Volume 7 Issue 227
Published - 14:00 UTC 08:00 EST 15-Aug-2005 
Next Update - 14:00 UTC 08:00 EST 16-Aug-2005

Editor: Susan K. Boyer, RN
Vidyya.
All rights reserved.

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Emotional, not factual, ads win skeptical consumers, study shows

Consumers who are very skeptical about the truth of advertising claims are more responsive to emotionally appealing ads than ones peppered with information, according to a new study. more  

Young athletes ignore skin cancer risk

Thousands of young athletes are at such high risk for developing skin cancer, a University of Cincinnati (UC) dermatologist says, he dreams of the day "when sunscreen is right up there in the locker room next to the Gatorade." more

Cornell overeating study suggests that how much we eat depends more on external cues, such as portion size, than on biological signals

If you binged for two weeks while on vacation and gained 5 pounds, would you be biologically primed to eat less to compensate and shake off the excess weight? No, suggests a new Cornell University study. more  

Brain tumors may originate with neural stem cells, researchers say

Researchers at UT Southwestern Medical Center have determined that stem cells in a certain region of the brain may be the source of a particular type of incurable brain tumor and may be implicated in other types of brain cancers as well. more

Researchers find that combined gene therapy eliminates glioblastoma multiforme in lab studies  

Despite aggressive treatment, glioblastoma multiforme (GBM) the most common and deadly of brain cancers usually claims the lives of its victims within six to 12 months of diagnosis. Because GBM is so aggressive, the disease has been the target of a number of laboratory and clinical studies investigating the effectiveness of gene therapy to deliver novel therapies to the brain. In laboratory studies, this type of gene therapy has proved almost completely effective. But in clinical trials, it has had limited effectiveness. more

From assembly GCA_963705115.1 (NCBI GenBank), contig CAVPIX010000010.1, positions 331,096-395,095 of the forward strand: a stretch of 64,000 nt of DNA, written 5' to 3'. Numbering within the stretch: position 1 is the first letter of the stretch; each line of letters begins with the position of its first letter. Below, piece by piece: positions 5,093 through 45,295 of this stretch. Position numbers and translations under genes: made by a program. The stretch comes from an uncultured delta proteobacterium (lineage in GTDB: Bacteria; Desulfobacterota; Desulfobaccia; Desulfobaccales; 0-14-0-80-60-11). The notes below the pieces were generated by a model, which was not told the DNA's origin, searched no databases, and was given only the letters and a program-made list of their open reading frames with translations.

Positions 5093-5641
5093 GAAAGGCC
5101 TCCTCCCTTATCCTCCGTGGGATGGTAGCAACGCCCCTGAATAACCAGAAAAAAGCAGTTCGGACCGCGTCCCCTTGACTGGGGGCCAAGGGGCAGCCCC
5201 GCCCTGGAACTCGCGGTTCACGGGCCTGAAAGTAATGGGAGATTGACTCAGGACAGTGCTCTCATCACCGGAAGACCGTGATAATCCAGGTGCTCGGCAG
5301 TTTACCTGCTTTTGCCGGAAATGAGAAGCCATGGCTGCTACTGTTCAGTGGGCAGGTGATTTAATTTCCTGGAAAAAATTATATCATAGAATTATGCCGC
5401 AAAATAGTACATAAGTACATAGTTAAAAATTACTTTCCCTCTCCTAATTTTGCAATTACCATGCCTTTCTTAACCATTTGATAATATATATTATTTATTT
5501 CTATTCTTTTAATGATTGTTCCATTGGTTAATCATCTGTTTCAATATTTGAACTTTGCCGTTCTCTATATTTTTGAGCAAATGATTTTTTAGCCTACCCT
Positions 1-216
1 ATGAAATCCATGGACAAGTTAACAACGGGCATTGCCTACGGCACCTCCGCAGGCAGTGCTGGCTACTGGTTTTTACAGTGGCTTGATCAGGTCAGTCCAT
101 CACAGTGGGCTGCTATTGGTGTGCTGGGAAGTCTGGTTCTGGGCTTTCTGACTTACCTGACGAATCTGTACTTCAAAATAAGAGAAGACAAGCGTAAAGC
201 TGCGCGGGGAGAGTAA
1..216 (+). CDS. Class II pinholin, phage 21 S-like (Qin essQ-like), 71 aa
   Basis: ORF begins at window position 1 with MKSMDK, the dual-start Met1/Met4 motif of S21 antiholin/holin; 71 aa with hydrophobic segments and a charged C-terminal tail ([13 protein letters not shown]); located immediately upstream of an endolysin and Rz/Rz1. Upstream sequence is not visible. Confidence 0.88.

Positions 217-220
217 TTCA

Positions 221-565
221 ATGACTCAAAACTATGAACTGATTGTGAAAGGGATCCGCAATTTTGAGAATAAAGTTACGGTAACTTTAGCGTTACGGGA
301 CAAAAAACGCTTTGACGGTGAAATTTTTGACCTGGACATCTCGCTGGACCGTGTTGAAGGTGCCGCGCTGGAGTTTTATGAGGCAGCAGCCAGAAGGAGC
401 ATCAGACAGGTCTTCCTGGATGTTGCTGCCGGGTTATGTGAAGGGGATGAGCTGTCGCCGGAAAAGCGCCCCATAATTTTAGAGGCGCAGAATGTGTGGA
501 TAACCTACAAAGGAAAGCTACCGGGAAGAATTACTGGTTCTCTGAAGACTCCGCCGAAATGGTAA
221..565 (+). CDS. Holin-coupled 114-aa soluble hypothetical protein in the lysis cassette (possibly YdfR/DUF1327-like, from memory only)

Drinking alcohol may lower risk of non-Hodgkin's lymphoma 

The U.S. Food and Drug Administration (FDA) is announcing approval of a strengthened distribution program for isotretinoin, called iPLEDGE, aimed at preventing use of the drug during pregnancy. Women who are pregnant or who might become pregnant should not take the drug. Isotretinoin (Accutane and its generics) is a highly effective drug for severe recalcitrant nodular acne, but it carries a significant risk of birth defects if taken during pregnancy. more

FDA announces strengthened risk management program to enhance safe use of isotretinoin (Accutane) for treating severe acne

The U.S. Food and Drug Administration (FDA) is announcing approval of a strengthened distribution program for isotretinoin, called iPLEDGE, aimed at preventing use of the drug during pregnancy. Women who are pregnant or who might become pregnant should not take the drug. Isotretinoin (Accutane and its generics) is a highly effective drug for severe recalcitrant nodular acne, but it carries a significant risk of birth defects if taken during pregnancy. more

 

FDA is announcing approval of a strengthened distribution program for Accutane called iPLEDGE. iPledge is aimed at preventing use of the Accutane during pregnancy.